Fire, Phantoms, and What Didn’t Make it into The Only Harmless Great Thing

March, 1904:

It’s midnight on Coney Island, and that’s fair eerie enough to make any man say jump.

Places that are bustling during the day take on a strange kind of desolation when all the lights are out and the crowds have scattered homeward. Luna Park, Coney Island’s crown jewel, is no exception. The Electric Tower is dark, its twenty thousand incandescent bulbs snuffed for the evening. The flexible metal floors of the Witching Wave are becalmed, the Canals of Venice emptied of canoodling lovers. Further down Surf Avenue, at Steeplechase and the newly opened Dreamland, Hell’s Gates are closed for the night and the Fall of Pompeii’s hourly eruptions have subsided. No more trips to the moon, no more undersea adventures. Moonlight turns the park’s spires and minarets into a ghostly sliver and ebony shadowland.

But even dreamlands need builders, and so the streets aren’t completely deserted even at ...

The Only Harmless Great Thing

In the early years of the 20th century, a group of female factory workers in Newark, New Jersey slowly died of radiation poisoning. Around the same time, an Indian elephant was deliberately put to death by electricity in Coney Island.

These are the facts.

Now these two tragedies are intertwined in a dark alternate history of rage, radioactivity, and injustice crying out to be righted. Prepare yourself for a wrenching journey that crosses eras, chronicling histories of cruelty both grand and petty in search of meaning and justice.

Brooke Bolander’s The Only Harmless Great Thing is a heart-wrenching alternative history that imagines an intersection between the Radium Girls and noble, sentient elephants. Available January 23rd from Tor.com Publishing.

 

 

There is a secret buried beneath the mountain’s gray skin. The ones who put it there, flat-faced pink squeakers with more clever-thinking than sense, are many ...

The Book That First Spoke My Feral Language: Richard Adams’ Watership Down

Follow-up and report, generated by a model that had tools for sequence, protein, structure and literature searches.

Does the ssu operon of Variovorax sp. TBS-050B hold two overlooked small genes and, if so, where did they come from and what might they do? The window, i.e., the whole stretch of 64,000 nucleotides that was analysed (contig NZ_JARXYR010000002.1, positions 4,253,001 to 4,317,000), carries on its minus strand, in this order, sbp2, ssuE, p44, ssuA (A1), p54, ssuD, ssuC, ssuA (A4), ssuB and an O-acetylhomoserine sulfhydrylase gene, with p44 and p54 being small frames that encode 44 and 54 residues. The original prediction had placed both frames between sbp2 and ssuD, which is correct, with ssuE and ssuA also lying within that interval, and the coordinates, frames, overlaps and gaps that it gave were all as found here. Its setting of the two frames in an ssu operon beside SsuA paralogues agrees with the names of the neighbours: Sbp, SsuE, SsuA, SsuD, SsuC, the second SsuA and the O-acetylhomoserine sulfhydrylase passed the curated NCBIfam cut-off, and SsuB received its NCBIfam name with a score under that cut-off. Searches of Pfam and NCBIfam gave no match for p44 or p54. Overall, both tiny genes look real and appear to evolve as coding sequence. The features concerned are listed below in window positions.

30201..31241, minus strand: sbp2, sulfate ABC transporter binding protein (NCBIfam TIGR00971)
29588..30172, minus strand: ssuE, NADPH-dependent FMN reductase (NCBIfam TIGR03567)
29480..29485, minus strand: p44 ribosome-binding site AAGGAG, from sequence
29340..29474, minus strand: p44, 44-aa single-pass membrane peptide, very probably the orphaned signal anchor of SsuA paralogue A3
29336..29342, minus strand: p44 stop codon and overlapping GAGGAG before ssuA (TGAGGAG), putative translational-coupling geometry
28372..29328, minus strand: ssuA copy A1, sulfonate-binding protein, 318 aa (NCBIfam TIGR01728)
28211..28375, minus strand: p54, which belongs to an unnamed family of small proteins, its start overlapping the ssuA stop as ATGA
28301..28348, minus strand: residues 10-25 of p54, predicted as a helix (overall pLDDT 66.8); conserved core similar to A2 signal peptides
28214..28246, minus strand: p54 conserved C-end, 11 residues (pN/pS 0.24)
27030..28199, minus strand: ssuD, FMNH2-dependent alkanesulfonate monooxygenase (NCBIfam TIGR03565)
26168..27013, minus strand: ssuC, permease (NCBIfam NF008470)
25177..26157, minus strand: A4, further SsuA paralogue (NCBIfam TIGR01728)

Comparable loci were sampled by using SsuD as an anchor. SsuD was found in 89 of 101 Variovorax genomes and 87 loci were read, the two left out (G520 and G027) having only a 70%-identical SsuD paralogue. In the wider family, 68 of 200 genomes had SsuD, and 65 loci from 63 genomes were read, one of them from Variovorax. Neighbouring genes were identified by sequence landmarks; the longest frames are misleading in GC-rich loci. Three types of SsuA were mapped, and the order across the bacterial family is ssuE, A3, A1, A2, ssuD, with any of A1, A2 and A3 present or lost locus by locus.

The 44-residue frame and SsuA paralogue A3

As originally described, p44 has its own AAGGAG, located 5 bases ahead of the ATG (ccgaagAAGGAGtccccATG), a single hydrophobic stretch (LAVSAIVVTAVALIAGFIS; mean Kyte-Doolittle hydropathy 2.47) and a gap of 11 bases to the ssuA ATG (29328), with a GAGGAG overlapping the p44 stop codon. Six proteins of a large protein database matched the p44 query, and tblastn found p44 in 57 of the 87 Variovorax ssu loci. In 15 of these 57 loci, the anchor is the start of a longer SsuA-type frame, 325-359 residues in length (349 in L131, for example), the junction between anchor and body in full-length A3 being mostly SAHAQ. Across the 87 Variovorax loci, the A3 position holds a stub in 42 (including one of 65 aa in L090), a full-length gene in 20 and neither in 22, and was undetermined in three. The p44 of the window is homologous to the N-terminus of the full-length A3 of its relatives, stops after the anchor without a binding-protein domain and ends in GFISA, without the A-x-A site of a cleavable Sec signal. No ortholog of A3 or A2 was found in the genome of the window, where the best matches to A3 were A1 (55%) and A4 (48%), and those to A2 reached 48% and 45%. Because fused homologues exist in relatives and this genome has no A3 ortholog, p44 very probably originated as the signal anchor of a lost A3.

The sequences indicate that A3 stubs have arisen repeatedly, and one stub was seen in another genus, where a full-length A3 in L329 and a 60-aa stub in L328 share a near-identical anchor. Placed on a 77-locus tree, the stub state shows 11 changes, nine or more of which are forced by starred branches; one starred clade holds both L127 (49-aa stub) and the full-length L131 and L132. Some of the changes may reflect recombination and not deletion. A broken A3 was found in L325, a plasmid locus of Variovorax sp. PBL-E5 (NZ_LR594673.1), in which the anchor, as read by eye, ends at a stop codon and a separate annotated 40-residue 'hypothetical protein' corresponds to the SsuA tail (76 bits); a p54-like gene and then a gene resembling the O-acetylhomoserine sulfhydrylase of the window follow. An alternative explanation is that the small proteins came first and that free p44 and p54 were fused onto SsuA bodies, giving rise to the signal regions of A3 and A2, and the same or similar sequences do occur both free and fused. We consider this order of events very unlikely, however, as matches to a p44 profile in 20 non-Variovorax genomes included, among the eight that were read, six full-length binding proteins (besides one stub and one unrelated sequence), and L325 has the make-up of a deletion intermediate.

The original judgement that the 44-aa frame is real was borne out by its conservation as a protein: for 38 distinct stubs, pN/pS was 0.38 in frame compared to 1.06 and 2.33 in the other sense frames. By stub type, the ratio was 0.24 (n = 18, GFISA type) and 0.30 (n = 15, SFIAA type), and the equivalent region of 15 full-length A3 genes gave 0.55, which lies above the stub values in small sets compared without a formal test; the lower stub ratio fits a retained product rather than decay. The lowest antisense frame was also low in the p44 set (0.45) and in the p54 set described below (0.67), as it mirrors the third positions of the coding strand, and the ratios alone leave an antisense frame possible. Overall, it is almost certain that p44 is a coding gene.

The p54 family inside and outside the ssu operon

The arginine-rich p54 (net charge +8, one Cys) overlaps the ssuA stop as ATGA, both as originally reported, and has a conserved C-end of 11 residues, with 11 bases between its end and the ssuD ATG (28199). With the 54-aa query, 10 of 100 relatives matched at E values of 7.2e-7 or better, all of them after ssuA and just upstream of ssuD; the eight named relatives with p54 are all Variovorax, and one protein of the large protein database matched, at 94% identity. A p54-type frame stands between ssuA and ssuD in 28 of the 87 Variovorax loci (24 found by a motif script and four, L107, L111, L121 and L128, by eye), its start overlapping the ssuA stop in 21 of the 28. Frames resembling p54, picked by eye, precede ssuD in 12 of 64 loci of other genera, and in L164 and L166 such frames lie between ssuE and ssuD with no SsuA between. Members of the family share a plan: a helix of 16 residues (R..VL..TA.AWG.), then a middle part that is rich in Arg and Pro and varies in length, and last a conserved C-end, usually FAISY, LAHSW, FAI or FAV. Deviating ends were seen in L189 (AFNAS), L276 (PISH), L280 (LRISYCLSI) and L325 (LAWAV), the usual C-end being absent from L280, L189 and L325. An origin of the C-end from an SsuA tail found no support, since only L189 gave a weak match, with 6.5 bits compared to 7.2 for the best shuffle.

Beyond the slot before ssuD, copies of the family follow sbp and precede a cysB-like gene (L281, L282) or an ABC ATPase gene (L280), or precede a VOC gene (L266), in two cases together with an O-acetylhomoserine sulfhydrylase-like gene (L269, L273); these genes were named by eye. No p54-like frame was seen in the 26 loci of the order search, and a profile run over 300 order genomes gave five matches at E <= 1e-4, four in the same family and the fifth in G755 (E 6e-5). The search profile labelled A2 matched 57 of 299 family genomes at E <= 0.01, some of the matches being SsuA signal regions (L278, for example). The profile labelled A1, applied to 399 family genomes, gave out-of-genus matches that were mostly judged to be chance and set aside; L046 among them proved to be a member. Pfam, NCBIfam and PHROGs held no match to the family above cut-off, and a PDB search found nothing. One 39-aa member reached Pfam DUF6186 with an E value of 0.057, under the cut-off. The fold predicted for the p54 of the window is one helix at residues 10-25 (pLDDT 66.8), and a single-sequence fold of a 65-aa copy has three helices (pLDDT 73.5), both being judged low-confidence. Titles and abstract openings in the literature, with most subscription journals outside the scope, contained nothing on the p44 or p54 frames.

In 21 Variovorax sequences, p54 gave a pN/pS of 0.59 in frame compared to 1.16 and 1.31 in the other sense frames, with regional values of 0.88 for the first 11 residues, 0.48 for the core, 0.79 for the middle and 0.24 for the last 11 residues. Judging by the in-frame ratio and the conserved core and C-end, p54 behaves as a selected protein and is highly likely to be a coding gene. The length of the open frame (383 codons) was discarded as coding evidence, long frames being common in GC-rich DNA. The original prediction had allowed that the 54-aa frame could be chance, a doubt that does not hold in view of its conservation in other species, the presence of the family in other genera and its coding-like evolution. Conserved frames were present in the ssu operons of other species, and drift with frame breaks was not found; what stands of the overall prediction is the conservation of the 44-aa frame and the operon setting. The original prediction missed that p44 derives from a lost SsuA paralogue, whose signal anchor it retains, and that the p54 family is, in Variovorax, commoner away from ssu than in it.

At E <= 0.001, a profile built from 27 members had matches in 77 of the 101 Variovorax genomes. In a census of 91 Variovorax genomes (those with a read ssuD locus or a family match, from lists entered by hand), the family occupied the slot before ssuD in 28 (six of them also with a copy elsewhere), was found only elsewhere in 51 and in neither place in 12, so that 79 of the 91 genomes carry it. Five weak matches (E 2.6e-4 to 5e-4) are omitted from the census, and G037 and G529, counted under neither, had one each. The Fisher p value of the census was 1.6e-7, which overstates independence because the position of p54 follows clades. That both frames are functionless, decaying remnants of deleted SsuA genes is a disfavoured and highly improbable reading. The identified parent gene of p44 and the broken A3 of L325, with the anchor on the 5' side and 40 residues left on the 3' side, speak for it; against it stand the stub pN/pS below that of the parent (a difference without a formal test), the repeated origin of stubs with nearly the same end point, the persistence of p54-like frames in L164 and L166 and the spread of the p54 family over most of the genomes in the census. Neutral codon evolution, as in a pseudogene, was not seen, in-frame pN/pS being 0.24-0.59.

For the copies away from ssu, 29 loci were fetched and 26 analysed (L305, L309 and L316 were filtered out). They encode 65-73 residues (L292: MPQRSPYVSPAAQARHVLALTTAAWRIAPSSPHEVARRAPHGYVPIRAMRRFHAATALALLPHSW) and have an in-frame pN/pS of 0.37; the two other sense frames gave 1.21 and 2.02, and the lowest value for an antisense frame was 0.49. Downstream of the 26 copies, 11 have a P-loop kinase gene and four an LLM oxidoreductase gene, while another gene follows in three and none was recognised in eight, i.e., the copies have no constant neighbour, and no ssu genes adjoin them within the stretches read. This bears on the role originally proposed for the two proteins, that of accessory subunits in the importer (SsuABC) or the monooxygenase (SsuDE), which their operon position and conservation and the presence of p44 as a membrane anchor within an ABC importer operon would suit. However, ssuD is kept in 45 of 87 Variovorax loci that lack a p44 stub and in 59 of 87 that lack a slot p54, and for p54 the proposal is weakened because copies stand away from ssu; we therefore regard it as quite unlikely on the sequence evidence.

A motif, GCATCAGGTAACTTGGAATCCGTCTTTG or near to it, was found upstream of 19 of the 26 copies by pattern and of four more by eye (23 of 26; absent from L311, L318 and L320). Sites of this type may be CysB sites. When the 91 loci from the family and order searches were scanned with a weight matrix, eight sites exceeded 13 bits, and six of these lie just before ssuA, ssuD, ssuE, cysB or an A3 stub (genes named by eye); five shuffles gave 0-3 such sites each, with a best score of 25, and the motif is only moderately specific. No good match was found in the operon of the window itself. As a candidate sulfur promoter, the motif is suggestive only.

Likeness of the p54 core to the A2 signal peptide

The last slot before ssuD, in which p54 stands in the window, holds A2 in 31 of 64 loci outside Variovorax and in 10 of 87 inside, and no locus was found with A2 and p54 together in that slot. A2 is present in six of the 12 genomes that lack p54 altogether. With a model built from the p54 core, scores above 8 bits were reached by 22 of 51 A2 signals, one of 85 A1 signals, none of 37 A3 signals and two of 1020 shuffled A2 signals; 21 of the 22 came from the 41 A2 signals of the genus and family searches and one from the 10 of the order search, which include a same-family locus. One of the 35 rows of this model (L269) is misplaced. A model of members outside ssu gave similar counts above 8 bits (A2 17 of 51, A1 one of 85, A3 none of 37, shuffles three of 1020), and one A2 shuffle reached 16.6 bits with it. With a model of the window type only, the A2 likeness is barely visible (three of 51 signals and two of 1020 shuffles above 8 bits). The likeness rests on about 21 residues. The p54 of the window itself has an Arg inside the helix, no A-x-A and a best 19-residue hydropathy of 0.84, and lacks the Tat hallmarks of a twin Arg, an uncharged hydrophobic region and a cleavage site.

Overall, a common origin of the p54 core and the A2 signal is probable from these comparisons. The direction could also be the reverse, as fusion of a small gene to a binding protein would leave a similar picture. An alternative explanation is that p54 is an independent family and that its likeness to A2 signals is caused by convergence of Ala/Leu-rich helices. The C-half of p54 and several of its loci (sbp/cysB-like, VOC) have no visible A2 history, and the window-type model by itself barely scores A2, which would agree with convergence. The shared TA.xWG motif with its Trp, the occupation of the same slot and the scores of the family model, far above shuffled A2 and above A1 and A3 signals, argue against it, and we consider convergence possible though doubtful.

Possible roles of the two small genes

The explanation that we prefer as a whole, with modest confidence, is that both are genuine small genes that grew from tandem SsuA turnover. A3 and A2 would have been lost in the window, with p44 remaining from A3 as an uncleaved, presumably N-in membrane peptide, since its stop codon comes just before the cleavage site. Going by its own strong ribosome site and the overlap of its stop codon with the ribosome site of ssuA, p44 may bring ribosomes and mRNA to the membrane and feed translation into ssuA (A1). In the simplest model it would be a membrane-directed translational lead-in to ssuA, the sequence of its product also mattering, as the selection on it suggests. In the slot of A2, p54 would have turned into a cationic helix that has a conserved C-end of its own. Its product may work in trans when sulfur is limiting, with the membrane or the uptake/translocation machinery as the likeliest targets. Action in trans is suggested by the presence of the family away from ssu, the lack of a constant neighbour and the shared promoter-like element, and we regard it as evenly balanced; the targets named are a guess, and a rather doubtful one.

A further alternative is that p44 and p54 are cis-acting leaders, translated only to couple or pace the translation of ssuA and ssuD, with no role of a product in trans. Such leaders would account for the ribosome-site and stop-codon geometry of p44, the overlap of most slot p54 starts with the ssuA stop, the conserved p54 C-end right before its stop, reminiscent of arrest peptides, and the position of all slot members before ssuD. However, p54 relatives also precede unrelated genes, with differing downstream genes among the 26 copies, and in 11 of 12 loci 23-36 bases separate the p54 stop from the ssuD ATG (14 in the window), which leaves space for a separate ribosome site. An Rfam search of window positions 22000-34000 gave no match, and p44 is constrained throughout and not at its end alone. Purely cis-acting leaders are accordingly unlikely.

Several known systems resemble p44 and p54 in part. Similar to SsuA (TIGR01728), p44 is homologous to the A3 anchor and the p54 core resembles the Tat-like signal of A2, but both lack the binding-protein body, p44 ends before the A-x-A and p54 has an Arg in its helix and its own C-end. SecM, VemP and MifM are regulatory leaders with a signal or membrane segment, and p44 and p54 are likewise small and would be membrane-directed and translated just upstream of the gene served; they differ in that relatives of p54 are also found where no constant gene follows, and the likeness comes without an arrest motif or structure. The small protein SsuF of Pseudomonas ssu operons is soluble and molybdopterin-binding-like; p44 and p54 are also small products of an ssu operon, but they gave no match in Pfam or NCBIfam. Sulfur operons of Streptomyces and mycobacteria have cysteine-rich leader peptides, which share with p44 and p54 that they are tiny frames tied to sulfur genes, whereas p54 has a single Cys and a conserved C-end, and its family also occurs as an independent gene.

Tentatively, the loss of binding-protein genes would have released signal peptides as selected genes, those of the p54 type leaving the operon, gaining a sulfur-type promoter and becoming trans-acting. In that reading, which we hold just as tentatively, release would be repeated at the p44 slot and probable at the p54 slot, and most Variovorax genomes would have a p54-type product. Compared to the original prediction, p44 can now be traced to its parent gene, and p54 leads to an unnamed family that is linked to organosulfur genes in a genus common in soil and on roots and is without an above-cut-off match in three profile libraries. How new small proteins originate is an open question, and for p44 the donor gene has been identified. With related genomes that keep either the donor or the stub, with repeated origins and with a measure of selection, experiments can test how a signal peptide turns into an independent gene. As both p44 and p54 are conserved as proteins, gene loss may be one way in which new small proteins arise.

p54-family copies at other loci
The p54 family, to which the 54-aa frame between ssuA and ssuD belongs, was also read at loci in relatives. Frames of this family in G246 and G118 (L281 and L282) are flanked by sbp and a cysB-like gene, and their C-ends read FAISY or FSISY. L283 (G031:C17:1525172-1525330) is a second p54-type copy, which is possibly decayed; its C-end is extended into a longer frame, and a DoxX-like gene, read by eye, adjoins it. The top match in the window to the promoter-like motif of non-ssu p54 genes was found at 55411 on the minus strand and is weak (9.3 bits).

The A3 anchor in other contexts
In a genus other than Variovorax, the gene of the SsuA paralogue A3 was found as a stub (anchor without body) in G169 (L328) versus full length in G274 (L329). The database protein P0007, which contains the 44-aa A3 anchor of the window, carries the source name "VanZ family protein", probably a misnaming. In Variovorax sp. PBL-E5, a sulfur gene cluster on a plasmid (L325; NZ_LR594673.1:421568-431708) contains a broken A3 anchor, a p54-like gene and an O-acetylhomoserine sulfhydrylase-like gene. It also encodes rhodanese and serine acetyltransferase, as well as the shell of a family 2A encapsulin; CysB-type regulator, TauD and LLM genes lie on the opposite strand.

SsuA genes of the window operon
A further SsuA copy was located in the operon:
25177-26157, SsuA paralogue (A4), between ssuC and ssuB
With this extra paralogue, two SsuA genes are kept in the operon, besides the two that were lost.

Before I read Watership Down, I knew personally how utterly alien animals were, but I had no idea anyone else could quantify it. You know that moment when a friend voices an opinion you’ve been certain was uniquely and utterly your own and you leap out of your seat shrieking HOLY SHITSNACKS, ME TOO and startle the cat? It was that moment, in novel format.

I grew up in the woods a nerdy, semi-feral only child, and for most of my formative years my closest companions were animals. I understood how different their thought patterns were, their reactions to our shared world and how they navigated it. Animals were never just furry little people to me. They were inscrutable, weird, and utterly Other. A preschool “likes/dislikes” list of photographs clipped from magazines gets my opinion across pretty broadly: Comedians and dinosaurs were good, atomic mushroom clouds & cats dressed ...

The Last of the Minotaur Wives

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On International Women’s Day, several of the best writers in SF/F today reveal new stories inspired by the phrase “Nevertheless, she persisted”, raising their voice in response to a phrase originally meant to silence.

The stories publish on Tor.com all throughout the day of March 8th. They are collected here.

 

The Last of the Minotaur Wives

 

When the first of the Minotaur Brides was set to be a concubine in darkness, she was warned never to try escape. She was given an explanation: you are a monster, and below the earth you & your kind shall stay.

Nevertheless, my darling calf, she persisted. And so too have we.

 * * *

The oldest wife finally dies. Blue is alone in the labyrinth, last of the lot.

She picks up the body in her strong arms, light as linen or sand, and carries it to the drying place. ...

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